As the Women’s March geared up for its third annual event, it announced on Monday that it had created a steering committee of 32 women — including three Jewish activists.
The three are Abby Stein, a transgender activist and former ultra-Orthodox Jew; Yavilah McCoy, the founder of a not-for-profit that provided materials to better educate and advocate for Jews of color; and April Baskin, who until last month worked as the “vice president of audacious hospitality” for the Union of Reform Judaism, the nation’s largest Jewish denomination.
The Women’s March website says that the steering committee “more fully represents the diversity and vibrancy of the Women’s March movement” than the organization’s four co-chairs.
As the year-long accusations of anti-Semitism against the leaders of the Women’s March crescendoed in November following the publication of an investigation in Tablet, the group’s co-chairs promised that they would soon be unveiling a more decentralized leadership model. Many local marches around the country, already upset over the national leaders’ handling of the anti-Semitism allegations, had also complained about the national organization’s top-down approach; many have disaffiliated to join a rival grassroots organization called March On.
None of the three Jews on the steering committee are currently affiliated with prominent Jewish institutions. One of the top Jewish partners of the Women’s March had been the National Council of Jewish Women, and an NCJW employee in 2017 helped write the organization’s “Unity Principles” (those principles didn’t include Jewish women in the list of minorities the Women’s March wanted to protect until December 2018). Although some local NCJW chapters are partnering with their local Women’s March, the national group is no longer doing so, though NCJW CEO Nancy Kaufman told the Forward last month that the two organizations’ agendas are “in complete alignment.”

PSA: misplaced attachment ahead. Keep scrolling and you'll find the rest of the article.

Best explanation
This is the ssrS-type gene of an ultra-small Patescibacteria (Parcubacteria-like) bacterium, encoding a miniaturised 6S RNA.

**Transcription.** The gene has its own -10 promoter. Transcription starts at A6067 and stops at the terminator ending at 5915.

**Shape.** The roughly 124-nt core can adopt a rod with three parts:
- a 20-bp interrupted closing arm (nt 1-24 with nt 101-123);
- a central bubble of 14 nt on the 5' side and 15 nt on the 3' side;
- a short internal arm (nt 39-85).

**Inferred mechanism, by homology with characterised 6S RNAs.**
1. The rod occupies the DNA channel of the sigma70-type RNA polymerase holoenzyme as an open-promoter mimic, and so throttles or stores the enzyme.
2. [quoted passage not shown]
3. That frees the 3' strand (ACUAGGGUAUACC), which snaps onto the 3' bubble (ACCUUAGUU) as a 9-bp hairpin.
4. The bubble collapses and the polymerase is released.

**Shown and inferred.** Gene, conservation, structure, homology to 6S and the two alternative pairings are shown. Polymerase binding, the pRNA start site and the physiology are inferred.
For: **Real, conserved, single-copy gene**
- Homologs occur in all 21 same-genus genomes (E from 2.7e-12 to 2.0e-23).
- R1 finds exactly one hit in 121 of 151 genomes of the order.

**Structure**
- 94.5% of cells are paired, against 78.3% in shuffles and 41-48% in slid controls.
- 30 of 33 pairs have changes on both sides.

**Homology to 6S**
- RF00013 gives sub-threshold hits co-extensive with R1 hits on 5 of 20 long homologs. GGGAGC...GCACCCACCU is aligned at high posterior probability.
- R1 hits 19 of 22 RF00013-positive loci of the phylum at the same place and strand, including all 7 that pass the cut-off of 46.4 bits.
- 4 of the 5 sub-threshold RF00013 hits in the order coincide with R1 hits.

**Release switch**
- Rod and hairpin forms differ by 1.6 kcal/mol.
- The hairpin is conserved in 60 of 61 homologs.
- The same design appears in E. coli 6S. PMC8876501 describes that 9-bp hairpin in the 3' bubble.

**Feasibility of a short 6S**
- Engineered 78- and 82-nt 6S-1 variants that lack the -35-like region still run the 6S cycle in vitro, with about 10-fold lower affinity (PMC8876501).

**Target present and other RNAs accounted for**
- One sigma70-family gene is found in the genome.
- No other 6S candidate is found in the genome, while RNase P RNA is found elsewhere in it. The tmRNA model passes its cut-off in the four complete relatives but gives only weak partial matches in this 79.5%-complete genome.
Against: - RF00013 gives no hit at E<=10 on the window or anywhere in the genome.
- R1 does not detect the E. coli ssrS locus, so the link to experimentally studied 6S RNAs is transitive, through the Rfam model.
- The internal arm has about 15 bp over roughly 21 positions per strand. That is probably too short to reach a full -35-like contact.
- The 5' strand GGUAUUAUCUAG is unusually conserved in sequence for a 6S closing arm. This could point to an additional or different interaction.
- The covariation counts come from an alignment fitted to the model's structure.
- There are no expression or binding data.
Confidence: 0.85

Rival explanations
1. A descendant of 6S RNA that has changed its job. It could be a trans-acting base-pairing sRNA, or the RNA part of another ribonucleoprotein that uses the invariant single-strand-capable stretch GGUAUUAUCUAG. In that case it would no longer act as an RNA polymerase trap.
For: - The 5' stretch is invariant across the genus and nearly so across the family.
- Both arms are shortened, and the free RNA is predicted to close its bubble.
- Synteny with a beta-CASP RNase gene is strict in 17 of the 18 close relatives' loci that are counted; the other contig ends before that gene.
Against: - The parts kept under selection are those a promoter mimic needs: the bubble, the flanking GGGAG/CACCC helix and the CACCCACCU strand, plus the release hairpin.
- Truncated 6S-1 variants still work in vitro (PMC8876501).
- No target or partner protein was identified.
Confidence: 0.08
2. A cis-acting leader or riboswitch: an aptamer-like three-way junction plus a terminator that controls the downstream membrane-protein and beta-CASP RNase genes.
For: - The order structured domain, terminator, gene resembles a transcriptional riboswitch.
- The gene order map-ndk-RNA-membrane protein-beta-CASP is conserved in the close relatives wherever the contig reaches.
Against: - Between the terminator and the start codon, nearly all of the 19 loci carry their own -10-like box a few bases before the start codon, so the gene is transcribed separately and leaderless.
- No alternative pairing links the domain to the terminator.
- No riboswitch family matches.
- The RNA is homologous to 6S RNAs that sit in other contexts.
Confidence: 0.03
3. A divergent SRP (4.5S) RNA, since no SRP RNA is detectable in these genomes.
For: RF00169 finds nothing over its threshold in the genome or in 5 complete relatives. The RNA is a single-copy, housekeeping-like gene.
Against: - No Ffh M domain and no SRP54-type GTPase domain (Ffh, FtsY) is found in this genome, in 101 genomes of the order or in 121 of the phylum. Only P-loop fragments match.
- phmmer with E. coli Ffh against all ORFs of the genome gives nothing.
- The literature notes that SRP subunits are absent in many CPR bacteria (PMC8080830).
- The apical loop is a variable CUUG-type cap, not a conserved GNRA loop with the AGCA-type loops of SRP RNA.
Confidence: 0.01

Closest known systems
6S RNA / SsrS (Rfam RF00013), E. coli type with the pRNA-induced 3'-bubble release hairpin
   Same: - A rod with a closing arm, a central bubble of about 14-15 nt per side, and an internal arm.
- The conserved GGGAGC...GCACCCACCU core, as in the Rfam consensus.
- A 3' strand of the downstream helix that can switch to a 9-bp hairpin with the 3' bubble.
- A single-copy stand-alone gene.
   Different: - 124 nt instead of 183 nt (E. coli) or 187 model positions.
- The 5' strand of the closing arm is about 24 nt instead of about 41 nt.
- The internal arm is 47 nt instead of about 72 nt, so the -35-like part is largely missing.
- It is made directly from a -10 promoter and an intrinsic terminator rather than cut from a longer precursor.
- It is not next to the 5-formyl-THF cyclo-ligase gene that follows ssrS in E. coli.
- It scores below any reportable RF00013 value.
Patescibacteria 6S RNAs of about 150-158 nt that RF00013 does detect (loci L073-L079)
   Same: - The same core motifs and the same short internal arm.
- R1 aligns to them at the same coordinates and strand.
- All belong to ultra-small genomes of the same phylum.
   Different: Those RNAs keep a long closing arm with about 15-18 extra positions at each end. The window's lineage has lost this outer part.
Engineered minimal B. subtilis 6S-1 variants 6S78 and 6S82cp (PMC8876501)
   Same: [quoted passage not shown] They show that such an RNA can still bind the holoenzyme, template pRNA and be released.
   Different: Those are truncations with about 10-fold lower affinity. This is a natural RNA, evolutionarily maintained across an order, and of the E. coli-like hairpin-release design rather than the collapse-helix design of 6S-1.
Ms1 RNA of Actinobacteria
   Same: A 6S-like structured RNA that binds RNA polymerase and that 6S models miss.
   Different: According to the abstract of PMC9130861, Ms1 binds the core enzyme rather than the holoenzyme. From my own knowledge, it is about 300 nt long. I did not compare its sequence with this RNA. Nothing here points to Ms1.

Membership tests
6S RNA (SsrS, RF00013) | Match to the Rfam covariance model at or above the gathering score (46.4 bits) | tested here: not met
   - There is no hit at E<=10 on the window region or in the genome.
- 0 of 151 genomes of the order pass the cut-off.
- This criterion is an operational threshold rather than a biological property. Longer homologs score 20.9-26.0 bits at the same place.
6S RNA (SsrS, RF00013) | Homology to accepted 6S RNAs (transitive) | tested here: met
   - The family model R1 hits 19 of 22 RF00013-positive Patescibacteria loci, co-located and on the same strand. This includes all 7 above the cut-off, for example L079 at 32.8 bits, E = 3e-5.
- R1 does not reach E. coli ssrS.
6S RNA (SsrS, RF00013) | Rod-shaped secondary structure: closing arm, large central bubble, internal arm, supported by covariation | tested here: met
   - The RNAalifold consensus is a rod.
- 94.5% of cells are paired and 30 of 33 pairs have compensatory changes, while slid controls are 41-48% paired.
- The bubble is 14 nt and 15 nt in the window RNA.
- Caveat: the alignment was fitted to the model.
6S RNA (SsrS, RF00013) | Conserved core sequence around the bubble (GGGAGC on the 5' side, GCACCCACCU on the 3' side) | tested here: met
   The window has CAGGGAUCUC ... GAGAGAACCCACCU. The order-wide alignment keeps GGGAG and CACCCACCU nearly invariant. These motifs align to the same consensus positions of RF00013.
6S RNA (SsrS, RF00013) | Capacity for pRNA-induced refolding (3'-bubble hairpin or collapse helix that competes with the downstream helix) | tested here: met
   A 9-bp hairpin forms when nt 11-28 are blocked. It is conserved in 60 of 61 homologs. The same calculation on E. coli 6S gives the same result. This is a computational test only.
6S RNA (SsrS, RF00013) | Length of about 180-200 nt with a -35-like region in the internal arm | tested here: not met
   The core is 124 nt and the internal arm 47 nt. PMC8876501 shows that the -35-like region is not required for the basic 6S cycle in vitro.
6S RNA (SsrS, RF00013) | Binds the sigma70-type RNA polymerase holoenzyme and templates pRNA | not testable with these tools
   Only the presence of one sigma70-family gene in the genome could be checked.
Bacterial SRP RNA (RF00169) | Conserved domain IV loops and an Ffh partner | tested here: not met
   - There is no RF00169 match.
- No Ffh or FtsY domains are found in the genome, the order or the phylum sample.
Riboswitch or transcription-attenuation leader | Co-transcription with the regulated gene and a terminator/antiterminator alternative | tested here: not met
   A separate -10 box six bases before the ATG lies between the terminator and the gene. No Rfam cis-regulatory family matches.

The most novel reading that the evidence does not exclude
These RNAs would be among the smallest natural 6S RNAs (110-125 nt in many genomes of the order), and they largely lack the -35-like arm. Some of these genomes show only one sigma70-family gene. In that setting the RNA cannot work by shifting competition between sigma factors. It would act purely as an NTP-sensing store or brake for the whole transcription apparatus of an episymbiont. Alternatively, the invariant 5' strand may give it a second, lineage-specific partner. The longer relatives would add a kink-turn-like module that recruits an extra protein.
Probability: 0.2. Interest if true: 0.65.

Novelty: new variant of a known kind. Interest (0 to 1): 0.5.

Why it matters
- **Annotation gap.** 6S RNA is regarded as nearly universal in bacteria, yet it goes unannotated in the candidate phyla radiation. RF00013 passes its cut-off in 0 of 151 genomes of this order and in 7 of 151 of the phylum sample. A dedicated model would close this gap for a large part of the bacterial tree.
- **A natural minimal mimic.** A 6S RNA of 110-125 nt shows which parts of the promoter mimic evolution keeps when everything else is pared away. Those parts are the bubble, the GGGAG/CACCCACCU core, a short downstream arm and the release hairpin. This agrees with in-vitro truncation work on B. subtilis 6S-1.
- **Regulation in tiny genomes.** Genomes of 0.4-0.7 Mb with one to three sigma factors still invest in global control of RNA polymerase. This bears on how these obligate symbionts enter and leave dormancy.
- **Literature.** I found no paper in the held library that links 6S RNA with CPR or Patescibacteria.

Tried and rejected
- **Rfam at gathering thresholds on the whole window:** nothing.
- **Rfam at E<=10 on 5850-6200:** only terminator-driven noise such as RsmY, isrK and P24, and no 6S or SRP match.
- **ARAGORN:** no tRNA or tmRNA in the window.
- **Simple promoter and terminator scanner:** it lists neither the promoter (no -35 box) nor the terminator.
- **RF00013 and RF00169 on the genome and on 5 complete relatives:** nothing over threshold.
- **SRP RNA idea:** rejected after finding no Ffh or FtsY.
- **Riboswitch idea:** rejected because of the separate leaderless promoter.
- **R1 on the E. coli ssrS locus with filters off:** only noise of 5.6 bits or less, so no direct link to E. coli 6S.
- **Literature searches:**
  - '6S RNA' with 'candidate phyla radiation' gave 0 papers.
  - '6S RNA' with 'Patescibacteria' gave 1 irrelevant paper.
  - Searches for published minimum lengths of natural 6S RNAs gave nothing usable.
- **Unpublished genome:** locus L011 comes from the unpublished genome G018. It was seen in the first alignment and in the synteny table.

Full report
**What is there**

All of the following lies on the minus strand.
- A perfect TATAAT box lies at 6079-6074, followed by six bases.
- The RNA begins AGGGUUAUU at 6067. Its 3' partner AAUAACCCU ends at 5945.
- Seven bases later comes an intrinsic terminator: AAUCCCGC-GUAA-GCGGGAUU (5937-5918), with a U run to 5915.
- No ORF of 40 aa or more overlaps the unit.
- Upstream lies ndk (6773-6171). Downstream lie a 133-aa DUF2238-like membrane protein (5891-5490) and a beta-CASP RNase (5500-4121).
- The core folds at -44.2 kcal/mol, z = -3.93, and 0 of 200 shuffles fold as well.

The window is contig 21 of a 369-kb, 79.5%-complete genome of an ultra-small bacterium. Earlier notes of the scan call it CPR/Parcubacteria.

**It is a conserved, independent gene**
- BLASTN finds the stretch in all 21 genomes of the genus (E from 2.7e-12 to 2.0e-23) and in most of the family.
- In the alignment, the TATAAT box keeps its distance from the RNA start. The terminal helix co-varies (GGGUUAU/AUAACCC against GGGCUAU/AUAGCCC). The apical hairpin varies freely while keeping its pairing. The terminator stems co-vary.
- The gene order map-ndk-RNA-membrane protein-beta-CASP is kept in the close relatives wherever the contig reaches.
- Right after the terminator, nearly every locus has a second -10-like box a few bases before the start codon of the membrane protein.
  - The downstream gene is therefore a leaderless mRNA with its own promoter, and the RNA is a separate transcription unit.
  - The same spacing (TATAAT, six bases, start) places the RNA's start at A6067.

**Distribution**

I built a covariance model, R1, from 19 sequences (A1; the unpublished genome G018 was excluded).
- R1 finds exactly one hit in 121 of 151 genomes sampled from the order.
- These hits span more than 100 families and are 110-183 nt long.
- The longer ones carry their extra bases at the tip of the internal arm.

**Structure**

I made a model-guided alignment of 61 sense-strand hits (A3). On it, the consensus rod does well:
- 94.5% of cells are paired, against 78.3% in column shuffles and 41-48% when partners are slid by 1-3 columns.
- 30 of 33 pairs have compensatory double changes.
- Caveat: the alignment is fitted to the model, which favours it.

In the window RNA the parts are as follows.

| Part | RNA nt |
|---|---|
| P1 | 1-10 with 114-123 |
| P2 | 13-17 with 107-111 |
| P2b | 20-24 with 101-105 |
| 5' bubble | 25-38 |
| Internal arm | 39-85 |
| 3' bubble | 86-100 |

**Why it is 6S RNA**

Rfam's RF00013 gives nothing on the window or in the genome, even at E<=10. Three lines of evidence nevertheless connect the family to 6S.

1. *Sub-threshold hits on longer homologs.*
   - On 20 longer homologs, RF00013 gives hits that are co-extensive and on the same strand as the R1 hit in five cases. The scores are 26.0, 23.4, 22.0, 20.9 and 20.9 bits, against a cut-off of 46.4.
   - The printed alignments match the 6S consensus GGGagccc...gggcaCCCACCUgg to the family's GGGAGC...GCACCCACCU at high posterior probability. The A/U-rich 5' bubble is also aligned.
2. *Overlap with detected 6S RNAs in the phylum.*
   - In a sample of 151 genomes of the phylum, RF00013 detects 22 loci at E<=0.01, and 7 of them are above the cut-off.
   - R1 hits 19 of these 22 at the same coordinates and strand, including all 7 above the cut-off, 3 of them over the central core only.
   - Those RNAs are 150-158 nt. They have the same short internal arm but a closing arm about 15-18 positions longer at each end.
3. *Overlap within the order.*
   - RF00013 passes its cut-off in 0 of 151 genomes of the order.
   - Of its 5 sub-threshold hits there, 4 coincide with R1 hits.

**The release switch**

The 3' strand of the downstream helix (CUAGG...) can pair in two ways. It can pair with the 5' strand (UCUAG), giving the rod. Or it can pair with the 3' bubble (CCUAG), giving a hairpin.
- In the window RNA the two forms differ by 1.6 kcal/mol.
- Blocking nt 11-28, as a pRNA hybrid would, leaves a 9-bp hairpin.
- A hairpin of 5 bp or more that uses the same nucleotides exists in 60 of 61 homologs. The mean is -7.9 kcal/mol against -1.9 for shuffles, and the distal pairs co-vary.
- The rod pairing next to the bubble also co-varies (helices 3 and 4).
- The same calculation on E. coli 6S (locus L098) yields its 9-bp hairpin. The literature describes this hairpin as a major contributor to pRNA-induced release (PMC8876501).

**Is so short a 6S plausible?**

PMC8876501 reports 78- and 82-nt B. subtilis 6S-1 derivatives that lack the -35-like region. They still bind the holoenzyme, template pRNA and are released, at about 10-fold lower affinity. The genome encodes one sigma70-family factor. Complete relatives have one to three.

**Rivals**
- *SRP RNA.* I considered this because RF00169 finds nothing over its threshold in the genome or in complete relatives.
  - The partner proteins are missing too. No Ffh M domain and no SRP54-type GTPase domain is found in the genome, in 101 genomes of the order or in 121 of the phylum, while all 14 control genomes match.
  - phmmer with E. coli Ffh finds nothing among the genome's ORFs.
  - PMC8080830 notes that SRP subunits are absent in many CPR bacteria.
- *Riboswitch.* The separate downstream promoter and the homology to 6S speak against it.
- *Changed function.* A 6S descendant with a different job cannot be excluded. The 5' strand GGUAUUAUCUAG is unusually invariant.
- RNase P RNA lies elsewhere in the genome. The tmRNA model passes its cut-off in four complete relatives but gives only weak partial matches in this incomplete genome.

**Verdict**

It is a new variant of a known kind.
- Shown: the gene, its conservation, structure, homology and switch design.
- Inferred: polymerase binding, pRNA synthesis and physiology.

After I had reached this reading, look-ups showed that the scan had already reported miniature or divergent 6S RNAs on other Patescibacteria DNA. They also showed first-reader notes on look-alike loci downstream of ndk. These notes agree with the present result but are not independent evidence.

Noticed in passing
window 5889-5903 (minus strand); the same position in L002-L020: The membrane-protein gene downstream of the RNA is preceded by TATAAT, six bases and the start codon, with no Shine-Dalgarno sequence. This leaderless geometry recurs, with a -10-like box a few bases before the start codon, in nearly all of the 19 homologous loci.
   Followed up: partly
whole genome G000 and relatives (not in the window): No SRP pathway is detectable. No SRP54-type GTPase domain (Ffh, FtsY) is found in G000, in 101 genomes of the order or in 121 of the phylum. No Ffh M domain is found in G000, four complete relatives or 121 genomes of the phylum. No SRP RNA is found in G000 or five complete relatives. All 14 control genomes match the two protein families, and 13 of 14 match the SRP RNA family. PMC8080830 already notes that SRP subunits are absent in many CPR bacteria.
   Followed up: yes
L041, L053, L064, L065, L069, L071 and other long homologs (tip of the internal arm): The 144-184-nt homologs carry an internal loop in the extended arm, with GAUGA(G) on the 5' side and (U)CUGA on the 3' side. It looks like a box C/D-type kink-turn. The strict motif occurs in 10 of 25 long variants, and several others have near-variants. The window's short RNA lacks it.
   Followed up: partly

Two other prominent Jewish groups, Bend the Arc and Jews for Racial and Economic Justice, are still partnering with the March.
The Daily Beast reported on Friday that the Southern Poverty Law Center would not partner with the Women’s March this year over their leaders’ ties to anti-Semitic Nation of Islam leader Louis Farrakhan, whom the anti-hate organization has monitored for decades.
Other notable members of the Women’s March’s new steering committee include former Ohio state senator Nina Harris, the president of the pro-Bernie Sanders PAC Our Revolution; Rev. Liz Theoharis, a Presbyterian minister who co-founded the Poor People’s Campaign with the minister and activist Rev. William Barber; and Winnie Wong, one of the founders of Occupy Wall Street.